Trees are blooming, prairie dog pups are popping and the lemurs are back on Lemur Lane — all sure signs that spring has finally arrived at The Maryland Zoo! The Zoo now opens at 9:30 am each Friday, Saturday and Sunday throughout the summer. The Zoo is also open late the second Saturday of each month through September making tomorrow, Saturday May 9th the first “After Hours with the Animals.” The Zoo will remain open until 7:00 pm tomorrow evening and admission is only $10 per person after 4:00 pm. Take advantage of these new extended hours this Mother’s Day weekend and see:
Prairie dog pups! Zoo staff closely watch Prairie Dog Town in early May for the first signs of prairie dog pups. Black-tailed prairie dog moms give birth in underground nurseries and the young remain underground for about the first 6 weeks of life. This week the first of the pups were spotted venturing above ground, just in time for Mother’s Day weekend!
Camel rides! The summer resident camels have arrived and they are ready for Zoo visitors to take the ride of a lifetime! Through Labor Day, Zoo guests can ride one of our visiting Dromedary camels, Rose and Bo, while visiting the Zoo. This weekend, say Happy Mother’s Day to Rose, who gave birth on March 26 to a male calf. He stays close to Mom and will be here with her all summer long. Camel rides are offered at the Zoo daily, from 10:30 am until 4:00 pm, for $7.00 per person.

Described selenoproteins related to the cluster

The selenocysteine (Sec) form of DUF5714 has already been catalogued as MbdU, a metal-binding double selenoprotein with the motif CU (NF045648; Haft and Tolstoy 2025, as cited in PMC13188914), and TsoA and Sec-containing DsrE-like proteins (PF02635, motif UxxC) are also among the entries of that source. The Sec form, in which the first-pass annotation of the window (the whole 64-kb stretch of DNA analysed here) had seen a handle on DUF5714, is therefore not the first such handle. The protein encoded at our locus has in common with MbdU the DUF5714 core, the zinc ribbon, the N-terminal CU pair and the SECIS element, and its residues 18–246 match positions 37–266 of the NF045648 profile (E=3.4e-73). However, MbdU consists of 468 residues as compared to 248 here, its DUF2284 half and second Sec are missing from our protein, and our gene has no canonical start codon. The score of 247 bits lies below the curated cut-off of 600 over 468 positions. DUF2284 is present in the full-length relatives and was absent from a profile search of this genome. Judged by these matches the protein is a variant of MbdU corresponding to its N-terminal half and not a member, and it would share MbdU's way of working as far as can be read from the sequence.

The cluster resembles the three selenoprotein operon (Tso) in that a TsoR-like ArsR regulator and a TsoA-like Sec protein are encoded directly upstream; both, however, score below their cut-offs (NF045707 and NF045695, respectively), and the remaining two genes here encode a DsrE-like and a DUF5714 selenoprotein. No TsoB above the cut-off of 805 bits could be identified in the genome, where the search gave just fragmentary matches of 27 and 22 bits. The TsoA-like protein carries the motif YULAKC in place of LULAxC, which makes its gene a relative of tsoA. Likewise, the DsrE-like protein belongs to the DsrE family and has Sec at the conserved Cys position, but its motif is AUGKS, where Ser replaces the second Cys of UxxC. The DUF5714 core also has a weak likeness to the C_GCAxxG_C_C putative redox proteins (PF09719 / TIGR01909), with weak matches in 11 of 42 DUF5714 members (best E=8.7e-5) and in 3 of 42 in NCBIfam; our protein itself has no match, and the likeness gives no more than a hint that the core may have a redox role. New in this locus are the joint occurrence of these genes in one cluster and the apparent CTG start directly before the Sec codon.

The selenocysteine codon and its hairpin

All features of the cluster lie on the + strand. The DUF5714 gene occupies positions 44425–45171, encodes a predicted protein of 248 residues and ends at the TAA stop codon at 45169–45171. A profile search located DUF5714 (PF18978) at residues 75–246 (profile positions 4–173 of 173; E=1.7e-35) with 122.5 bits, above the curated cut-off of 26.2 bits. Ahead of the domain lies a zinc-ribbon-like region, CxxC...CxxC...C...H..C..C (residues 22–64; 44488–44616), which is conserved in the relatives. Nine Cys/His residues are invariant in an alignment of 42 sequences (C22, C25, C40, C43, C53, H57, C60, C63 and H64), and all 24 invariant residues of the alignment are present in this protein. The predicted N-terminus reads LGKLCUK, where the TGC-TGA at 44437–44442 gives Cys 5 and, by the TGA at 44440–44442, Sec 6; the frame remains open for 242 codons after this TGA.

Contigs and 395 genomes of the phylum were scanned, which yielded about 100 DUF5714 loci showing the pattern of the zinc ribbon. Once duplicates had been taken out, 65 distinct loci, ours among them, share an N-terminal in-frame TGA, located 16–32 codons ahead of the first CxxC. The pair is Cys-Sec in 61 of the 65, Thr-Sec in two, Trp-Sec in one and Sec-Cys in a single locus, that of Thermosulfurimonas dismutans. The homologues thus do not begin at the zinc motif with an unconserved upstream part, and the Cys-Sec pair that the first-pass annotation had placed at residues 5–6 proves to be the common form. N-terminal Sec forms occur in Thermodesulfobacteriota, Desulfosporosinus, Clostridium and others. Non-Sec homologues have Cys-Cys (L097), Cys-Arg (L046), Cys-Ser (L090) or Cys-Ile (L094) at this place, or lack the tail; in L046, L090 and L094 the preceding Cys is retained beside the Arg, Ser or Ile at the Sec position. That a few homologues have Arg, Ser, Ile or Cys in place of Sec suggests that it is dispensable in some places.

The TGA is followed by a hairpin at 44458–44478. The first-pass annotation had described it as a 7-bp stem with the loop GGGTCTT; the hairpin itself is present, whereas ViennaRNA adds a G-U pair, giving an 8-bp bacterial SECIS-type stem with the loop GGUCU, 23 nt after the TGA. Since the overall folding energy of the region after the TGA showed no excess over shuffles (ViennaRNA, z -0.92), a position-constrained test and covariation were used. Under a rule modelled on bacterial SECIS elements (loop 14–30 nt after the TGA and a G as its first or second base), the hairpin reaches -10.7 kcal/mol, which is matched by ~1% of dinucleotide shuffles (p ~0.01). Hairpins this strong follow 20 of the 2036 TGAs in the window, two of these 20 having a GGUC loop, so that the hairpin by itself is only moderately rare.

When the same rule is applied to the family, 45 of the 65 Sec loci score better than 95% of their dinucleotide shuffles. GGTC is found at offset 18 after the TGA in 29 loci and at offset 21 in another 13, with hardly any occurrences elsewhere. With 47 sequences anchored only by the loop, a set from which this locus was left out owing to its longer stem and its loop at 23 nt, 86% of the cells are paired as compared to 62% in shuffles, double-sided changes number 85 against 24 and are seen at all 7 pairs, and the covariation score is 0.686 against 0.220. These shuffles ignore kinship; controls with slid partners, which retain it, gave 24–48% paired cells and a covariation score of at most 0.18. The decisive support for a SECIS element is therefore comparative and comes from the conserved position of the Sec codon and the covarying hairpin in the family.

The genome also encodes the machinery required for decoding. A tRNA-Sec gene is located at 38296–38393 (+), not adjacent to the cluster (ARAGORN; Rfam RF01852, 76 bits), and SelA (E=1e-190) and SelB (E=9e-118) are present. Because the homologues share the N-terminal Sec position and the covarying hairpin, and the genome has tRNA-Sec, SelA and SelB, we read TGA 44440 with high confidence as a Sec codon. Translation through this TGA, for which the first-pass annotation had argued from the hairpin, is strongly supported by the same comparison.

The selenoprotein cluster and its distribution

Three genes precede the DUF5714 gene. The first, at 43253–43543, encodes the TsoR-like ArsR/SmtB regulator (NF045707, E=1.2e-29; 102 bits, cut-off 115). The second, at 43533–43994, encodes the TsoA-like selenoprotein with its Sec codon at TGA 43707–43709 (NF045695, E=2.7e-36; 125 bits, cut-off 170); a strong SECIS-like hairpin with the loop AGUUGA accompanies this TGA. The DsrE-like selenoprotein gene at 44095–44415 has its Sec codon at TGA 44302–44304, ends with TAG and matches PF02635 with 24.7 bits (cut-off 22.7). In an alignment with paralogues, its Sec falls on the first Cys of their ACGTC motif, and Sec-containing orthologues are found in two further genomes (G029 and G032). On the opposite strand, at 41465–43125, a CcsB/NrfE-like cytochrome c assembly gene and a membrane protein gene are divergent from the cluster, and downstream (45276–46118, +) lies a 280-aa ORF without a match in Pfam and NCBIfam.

All the lemurs are back outside on Lemur Lane! Warmer overnight temperatures have allowed the Zoo’s ring-tailed lemurs (Lemur catta), red ruffed lemurs (Varecia variegata rubra)and Coquerel’s sifaka (Propithecus verreauxi coquereli) to move back outside for the summer. Lemur Lane is located between the Giraffe House and the Chimpanzee Forest.
Don’t forget to visit the Farmyard and see the littlest goat kids Chloe and Clark. The kids were born on Tuesday, March 10, 2015, to the Zoo’s African pygmy goat pair Lex and Lois and have quickly become a Zoo favorite.
The giraffes also have a “spring” in their step! There is a lot of activity at the Giraffe Feeding Station where Zoo visitors can get eye-to-eye with these gentle giants of the Savannah. Zoo regulars know that the Giraffe Feeding Station features a gated feeding area where they can purchase browse and feed the giraffe, as well as a separate deck for viewing and photography.
On exhibit soon — a male sitatunga calf was born on April 27 to six-year-old Lela and seven-year-old Hurley, the Zoo’s sitatunga breeding pair. “The baby is nursing very well, and Lela is a very attentive, experienced mother,” stated Carey Ricciardone, mammal collection and conservation manager at the Zoo. “He is full of energy, a true sitatunga male, although he is sticking close to his mother for now and bonding behind the scenes.” Zoo visitors should able to see Lela and her calf exploring outdoors for short periods of time in the coming week.
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